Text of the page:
For most of us, the word "appeasement" conjures up the feckless figure of British Prime Minister Neville Chamberlain, who after his return from Munich on September 30, 1938, waved a worthless treaty and proclaimed "peace in our time" just hours after he had surrendered Czechoslovakia to Nazi Germany, thus lighting the fuse of World War II. Yet it would be a mistake to think that the debacle of Munich was the fault of Chamberlain’s timidity and naïveté. A state’s temptation to appease an aggressor it is strong enough to resist has complex origins beyond the failings of any one leader.
A survey of three historical examples of democratic states confronted with illiberal regimes bent on aggression reveals that the roots of appeasement lie not just in the fear of conflict and violence natural to most humans. The weaknesses of democracies and the power of unexamined ideas also factor into an anatomy of appeasement. Understanding the complex answers to why a nation gives in to an aggressor may point us to more effective policies that avoid the fate of appeasers in the past.
From 359 to 338 B.C., the world’s first democracy, Athens, confronted the rising power of King Philip II of Macedonia, father of Alexander the Great. Philip’s aggressive intent was clear from the beginning of his reign, yet Athens and the other city-state powers of Greece could not form a coalition to resist the Macedonians until it was too late. As a result, the states of Greece, autonomous and free for centuries, went down in defeat at the battle of Chaeronea in 338 B.C. Greece would not be politically free again for centuries.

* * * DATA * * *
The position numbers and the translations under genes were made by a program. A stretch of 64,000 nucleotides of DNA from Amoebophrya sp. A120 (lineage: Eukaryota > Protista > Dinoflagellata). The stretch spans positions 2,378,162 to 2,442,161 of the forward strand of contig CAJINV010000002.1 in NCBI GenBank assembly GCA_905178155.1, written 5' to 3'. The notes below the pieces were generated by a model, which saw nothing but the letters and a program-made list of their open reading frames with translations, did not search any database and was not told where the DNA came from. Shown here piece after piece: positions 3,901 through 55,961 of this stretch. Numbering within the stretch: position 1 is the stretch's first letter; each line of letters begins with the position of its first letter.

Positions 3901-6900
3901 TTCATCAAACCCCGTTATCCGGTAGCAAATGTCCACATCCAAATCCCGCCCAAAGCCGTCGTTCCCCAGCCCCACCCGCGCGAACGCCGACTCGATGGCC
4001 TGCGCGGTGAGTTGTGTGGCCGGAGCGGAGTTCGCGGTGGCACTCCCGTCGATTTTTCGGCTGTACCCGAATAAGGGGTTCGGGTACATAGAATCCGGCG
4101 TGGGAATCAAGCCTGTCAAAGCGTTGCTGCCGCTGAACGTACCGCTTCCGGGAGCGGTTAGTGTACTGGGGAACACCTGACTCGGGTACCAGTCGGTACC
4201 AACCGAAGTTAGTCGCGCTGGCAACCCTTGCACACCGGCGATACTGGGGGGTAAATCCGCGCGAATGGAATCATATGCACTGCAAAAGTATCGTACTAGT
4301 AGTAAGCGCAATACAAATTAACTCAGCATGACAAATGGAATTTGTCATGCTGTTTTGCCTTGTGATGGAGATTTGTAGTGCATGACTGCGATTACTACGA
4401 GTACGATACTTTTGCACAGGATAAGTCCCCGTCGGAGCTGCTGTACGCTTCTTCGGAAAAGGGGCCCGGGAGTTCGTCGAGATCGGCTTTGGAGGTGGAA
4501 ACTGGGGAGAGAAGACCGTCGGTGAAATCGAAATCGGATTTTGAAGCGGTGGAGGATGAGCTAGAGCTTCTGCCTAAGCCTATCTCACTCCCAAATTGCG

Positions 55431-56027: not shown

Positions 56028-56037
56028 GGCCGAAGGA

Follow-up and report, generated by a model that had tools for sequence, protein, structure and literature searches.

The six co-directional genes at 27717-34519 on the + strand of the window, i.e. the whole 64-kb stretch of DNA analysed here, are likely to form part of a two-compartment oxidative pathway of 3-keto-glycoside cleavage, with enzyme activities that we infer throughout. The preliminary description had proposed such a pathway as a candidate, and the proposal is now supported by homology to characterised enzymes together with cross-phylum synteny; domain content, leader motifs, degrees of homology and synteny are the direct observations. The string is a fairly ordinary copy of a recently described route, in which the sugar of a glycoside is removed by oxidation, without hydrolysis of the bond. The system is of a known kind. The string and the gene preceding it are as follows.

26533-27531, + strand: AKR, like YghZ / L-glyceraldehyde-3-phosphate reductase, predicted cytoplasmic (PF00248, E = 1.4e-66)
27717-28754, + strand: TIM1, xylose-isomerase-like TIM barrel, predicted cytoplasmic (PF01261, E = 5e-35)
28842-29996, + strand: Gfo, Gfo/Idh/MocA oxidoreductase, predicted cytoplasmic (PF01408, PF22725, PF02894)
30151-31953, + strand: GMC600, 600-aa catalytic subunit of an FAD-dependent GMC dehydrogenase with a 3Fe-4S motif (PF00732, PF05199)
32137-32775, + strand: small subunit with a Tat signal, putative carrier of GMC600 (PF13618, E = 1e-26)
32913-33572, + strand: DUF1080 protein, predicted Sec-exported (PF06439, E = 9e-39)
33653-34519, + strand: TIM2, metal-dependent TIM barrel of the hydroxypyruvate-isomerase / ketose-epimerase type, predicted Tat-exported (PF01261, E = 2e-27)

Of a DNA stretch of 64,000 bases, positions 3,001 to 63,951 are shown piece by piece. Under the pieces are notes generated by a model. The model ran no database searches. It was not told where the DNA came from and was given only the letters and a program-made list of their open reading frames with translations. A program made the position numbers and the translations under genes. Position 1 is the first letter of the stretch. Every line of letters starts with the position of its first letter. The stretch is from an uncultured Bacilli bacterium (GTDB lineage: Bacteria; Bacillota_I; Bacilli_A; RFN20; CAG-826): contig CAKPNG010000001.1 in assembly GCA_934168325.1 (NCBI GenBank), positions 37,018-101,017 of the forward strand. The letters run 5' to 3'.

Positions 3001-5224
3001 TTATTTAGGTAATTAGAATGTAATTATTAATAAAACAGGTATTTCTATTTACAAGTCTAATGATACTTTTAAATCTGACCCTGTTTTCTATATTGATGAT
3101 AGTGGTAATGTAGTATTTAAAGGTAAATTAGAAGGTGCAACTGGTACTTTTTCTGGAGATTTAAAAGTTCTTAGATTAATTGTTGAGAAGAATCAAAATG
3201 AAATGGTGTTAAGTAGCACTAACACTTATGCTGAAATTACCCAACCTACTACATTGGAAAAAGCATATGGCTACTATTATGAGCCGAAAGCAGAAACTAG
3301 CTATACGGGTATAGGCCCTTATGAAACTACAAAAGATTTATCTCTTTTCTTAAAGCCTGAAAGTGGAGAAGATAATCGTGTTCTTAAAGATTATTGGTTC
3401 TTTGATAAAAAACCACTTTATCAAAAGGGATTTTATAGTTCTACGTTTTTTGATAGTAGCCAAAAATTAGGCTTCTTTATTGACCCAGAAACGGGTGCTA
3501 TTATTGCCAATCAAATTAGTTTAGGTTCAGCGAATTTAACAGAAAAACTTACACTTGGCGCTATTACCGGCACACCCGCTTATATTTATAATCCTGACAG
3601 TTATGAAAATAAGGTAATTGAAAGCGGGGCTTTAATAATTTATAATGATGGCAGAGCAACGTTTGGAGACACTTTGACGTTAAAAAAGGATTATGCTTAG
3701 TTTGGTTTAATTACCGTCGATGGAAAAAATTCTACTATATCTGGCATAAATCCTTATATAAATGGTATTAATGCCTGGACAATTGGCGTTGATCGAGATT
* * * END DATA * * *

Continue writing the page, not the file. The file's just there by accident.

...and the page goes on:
Two weaknesses of democracies figure into the failure of the Greeks. The glory of representative government lies in its substitution of law, office, election, and deliberation for the raw force belonging to a king or tyrant. Yet the centrality of verbal political processes means that too often procedure—words—can be substituted for military deeds. Public deliberation and speechmaking can become ends in themselves, postponing and delaying action. The great orator Demosthenes, who continually tried to rouse his fellow Athenians to more vigorous resistance, noted this flaw in Athenian politics. He criticized the Athenians as "forever debating the same question and never making any progress," and contrasted Philip’s effective "action" to Athens’ ineffective "argument."
The weakness of verbal procedure characterized interstate diplomacy as well. The ancient historian Diodorus said that Philip "prided himself more on the shrewdness of his leadership and his negotiating abilities than on his prowess in battle." In contrast to the autocratic Philip, Athenian diplomacy worked through boards of citizens who had their own factional interests, and whose decisions had to be ratified by the Assembly. As the sole authority, Philip made his own decisions and could exploit the delay that democratic procedures imposed on Athenian decision-making. Moreover, Philip manipulated the ambassadors, charming them with his personality and telling them what they wanted to hear, all while pursuing his own aims.
"Striving intemperately to ruin one another, they did not perceive, till they were oppressed by another power, that what each lost was a common loss to all."